And so these very large aerials were constructed in such a way that they could be collapsed. They were, dammit, Iíve forgotten how many, but they were linear broadside arrays of many, many elements Ė 120 megacycles, I believe, and the whole pack of cards could be collapsed and dismantled and packed onto a single (?). And we could move it around the countryside that way, and then reassemble them. Later we were able to reassemble them in about one day, even connecting all the feeders. Initially, I think it took about two days to assemble it. Now we used a quarter of these big aerial systems for the solar measurements to establish whether or not the intensity interferometer principle would really work.

Sullivan

Right. (?) baseline.

Jennison

That baseline was trivial, hundreds of yards, or a hundred yards, that sort of baseline. They were about a hundred yards, if I remember rightly. And we measured the angular diameter of the sun. At least we tried to, but there were sunspots; and even the smallest sunspot gives you an erroneous answer. And so we did it, actually. I had thought we published that result, but we probably didnít. (?) lots of other things; I donít think we published it because somebody else, was it Bateson?, you know, at Cambridge, had been measuring the angular diameter of the sun. But it was awfully early. It was quite a good one.

Sullivan

(?) sunspots, you mean.

Jennison

Well, it was the sun because we waited, and thatís why we took so long; otherwise weíd have been long ahead of the other chaps doing the Cygnus and Cassiopeia measurements. Because we were troubled by these darned sunspots, and we wanted to make quite sure that the fundamental equation of the intensity interferometer was really right. Nowadays, it seems obvious that it was right, but in those days you had to be quite sure, so we really had to make sure that our (?) on the sun really did go down to the zero (?) And this took a lot longer than weíd expected.

Sullivan

As you were working on this, did you have any doubts that the thing would finally work?

Jennison

No. I had trouble initially, the original plan was just to multiply the signals together coming out of the (?) interferometer, and we tried all the principles of multiplication of signals as we had in those days. And we couldnít get a really positive result with that. Then we decided to Ė [long pause] I think you really call it phase switch, yes, a different way to, this was phase switching actually before Martin Ryleís, but itís different. We werenít phase switching at RF. What I did, I put a switch into the lead of the, just before the signals multiplied together, I put a switch, one of these quick make-and-break switches, into the lead of that, and I reversed the sense of the signal. And I spent about two hours one day, whilst the sun was transiting, with my watch in one hand and the switch in the other, flicking the switch every two or three minutes. This way, and then that way, and then this way and then that way, and out came a beautiful record in the form of a square wave.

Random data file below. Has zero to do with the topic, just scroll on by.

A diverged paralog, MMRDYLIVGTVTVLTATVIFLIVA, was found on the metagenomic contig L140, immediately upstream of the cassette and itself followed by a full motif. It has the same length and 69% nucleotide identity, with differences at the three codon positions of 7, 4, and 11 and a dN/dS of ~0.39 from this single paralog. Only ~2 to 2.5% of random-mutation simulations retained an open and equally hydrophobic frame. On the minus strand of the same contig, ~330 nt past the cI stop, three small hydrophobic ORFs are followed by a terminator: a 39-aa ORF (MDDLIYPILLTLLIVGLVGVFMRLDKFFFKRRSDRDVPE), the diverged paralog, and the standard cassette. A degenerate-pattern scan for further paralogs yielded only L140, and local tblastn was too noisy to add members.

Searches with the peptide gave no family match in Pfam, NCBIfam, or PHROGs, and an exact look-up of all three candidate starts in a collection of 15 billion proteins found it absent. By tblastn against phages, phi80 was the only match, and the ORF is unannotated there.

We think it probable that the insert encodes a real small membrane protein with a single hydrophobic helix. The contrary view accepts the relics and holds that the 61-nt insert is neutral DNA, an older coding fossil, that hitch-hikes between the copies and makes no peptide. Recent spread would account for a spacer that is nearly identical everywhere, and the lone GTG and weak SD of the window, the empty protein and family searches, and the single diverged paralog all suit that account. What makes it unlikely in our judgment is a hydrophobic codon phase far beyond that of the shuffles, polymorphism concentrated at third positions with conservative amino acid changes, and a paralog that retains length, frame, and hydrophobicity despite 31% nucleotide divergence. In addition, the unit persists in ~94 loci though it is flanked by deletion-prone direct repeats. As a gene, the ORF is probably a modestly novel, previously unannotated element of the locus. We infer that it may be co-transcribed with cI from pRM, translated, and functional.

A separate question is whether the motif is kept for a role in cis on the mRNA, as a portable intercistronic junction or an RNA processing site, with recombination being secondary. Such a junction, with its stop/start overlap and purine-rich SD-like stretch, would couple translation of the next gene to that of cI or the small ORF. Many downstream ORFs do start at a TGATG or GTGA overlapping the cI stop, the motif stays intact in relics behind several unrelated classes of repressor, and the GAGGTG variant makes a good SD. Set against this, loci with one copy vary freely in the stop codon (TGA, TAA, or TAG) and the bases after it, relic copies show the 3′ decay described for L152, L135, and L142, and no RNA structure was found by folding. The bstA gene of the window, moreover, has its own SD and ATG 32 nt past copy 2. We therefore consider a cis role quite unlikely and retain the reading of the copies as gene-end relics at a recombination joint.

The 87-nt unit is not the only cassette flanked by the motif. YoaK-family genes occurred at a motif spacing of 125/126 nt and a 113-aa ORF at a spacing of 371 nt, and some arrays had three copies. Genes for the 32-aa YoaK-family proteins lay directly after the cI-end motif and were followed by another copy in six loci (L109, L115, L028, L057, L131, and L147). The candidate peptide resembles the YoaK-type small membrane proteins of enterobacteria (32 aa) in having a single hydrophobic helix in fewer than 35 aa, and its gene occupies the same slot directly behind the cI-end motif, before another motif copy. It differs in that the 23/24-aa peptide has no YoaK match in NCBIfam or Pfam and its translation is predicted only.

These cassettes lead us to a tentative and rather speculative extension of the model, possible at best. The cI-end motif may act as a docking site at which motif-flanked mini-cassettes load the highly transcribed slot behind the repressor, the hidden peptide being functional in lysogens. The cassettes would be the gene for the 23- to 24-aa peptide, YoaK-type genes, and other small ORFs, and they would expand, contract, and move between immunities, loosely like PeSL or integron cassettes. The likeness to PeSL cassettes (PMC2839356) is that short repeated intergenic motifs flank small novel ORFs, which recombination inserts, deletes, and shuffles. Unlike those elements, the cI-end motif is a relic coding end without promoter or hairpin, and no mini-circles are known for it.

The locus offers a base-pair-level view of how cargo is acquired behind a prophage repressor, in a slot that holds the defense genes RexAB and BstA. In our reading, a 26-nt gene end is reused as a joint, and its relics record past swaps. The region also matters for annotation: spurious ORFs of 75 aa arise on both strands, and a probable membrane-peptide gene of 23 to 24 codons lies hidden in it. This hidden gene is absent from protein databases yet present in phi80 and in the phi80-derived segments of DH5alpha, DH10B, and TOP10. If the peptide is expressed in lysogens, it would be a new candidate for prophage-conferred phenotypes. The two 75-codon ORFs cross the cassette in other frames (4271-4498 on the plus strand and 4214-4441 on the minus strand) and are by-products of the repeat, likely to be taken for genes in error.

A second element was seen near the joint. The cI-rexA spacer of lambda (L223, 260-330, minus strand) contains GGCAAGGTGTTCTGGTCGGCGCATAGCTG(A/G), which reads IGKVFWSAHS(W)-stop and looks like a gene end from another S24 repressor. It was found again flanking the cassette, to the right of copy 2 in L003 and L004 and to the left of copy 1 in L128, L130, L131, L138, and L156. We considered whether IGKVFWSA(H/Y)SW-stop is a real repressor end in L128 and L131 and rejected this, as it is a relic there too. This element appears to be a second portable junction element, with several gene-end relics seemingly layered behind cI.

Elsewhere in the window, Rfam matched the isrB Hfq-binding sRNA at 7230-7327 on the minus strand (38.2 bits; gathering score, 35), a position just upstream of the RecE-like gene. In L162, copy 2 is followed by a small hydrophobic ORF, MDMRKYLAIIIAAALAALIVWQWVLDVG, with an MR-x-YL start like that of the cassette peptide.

Sullivan

You were beam switching, really.

Jennison

Not beam switching, phase switching, actually, strictly phase switching Ė but not synchronously rectifying the phase switch. The signals were adding in one sense, subtracting in the other sense, but instead of synchronously detecting, which you do one real phase switching interferometer, and gives you this sort of result.

Sullivan

Oh, I see.

Jennison

I just saw the sun, and the difference superimposed on the bump due to total power. So the bump of the total power now had a big square wave going through it, almost up to the top. And we measured the depth of modulation on my switched wave form (?) the switch one way and another, and the depth of modulation gives you the visibility.

Sullivan

This is very analogous to Ryleís.

Jennison

Yes, itís extraordinary. Now I think about it now, it is the same thing apart from the fact that we didnít put the synchronous detector at the end.

Sullivan

No, no -

Jennison

Not at that stage, we did later.

Sullivan

Was this used, I mean, is this published anywhere, this switching?

Jennison

No, only in my thesis and in Das Guptaís thesis, probably.

Sullivan

What about this fellow Das Gupta Ė you havenít mentioned him yet.

Jennison

Oh, well, yes, sorry I should have mentioned him. I had been on the job for about three months, two months, perhaps, when I was told that an Indian fellow was coming along, a chap by the name of Das Gupta and he would give me a hand on this, and this was Das, and we became very, very firm friends, and he is a very nice chap. And we worked together throughout the whole of this phase on that system. Das, coming from India, loved to go out and work on the aerial systems when it was snowing or freezing cold.